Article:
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Perspectives

Grace and Peace

A Necessity for New Testament Worshipers

Most Christians who read the Bible notice that “grace” and “peace” are mentioned quite frequently—not merely in isolation, but together.

In fact, in the New Testament, the terms are paired together seventeen times. Grace and peace are mentioned together in Romans,
1 Corinthians, Galatians, Ephesians, Colossians, 1 Peter, and eleven other New Testament books. Clearly this pairing is not incidental, but speaks to what we as believers need in our everyday walk with Christ.

Ascension: To Do or Not to Do

Learning from the RW Community

Reformed Worship editors asked a few subscribers the following questions about the significance of Ascension Day and how it should be acknowledged in our worship.

  • How significant is Ascension Day for the church?
  • How much attention should it receive in our worship? Should there be a worship service on Ascension Day? Incorporated into worship the Sunday before or after? Or something else?

Here are the responses of Pastor Eric Dirksen and Professor of Christian Worship Rod Snaterse.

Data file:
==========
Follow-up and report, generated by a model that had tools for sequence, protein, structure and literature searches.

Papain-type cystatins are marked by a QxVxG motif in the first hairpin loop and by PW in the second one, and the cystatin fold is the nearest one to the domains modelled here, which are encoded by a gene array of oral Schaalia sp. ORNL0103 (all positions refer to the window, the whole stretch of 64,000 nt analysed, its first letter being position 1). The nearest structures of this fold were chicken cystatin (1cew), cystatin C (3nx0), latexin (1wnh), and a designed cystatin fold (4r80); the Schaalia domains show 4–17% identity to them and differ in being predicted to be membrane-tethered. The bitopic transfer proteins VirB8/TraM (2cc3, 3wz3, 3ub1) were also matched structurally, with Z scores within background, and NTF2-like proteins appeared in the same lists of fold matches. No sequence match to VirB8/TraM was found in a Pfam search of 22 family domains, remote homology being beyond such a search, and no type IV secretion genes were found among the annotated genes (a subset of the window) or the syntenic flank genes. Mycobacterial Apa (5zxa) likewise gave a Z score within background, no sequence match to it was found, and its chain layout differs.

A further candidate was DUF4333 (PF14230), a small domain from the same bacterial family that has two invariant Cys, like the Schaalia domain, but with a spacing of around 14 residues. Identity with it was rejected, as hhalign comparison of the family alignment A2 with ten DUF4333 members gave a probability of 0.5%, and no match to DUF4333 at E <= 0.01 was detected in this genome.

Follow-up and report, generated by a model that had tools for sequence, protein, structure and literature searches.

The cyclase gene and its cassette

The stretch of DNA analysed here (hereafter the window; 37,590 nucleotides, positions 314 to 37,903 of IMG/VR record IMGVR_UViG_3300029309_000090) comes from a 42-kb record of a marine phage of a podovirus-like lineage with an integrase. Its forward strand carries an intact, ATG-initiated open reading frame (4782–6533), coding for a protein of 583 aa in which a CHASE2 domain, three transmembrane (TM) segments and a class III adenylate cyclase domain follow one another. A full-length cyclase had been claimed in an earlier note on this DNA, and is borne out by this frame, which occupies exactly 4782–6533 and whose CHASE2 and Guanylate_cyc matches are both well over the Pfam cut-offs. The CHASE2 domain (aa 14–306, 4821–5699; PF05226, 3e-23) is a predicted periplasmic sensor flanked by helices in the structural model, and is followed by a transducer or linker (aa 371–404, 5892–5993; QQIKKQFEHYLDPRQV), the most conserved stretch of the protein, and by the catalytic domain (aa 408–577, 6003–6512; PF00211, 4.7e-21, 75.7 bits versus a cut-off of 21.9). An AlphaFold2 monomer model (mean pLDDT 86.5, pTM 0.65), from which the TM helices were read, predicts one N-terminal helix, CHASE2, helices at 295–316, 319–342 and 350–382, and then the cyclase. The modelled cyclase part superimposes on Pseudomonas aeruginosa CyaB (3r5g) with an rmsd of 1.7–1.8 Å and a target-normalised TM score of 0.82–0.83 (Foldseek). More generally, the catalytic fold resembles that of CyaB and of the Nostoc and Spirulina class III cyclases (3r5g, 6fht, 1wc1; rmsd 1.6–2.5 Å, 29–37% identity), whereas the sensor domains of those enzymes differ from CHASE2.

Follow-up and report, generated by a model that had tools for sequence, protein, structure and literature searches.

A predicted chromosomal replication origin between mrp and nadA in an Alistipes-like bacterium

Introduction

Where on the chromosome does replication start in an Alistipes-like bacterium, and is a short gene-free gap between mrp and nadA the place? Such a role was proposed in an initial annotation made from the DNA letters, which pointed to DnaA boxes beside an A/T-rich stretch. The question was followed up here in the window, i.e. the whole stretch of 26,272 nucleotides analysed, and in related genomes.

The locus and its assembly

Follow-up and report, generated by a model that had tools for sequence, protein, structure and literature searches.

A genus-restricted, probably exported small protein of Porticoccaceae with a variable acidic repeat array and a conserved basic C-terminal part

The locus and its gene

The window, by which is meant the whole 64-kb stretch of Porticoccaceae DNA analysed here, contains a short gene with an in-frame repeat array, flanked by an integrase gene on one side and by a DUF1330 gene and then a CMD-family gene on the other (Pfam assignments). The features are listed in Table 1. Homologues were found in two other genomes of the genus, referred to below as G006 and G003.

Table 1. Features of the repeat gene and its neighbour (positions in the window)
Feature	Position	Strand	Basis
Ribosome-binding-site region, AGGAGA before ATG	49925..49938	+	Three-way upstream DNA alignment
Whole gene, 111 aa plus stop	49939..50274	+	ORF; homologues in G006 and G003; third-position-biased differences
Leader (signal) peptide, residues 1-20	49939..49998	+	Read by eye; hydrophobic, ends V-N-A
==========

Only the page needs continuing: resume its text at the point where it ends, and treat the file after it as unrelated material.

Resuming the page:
Ten Things I Learned from a Conversation with Eddie Espinosa

At the 2019 Calvin Symposium on Worship, I had the privilege of hosting a conversation with Eddie Espinosa, the Vineyard Anaheim worship leader who was an influential figure in the development of contemporary praise and worship music in the 1970s, ’80s, and ’90s.

Call It Worship

A Conversation About Cultural Diversity and Worship

It’s in the news. It’s in our politics. It’s in our streets. And increasingly, it’s in our churches: diversity—or, more specifically, conflict over the ethnic, racial, and cultural differences that mark “us” as “us” and “them” as “them,” those who are “in” and those who are “out.”

Terrorism and the Politics of Worship

This article first appeared in Public Justice Review and is reprinted here with permission.

September 11 fell on a Tuesday. Five days later, on Sunday, September 16, millions of American Christians, shocked, angry, and grieving, filed into church.

The music began to play. Some were invited into the defiant and militant melodies of “The Battle Hymn of the Republic” and “God Bless America.” Some were invited into a time of mournful silence, prayer, and reflection. Others just sang the same old songs as if nothing had changed at all.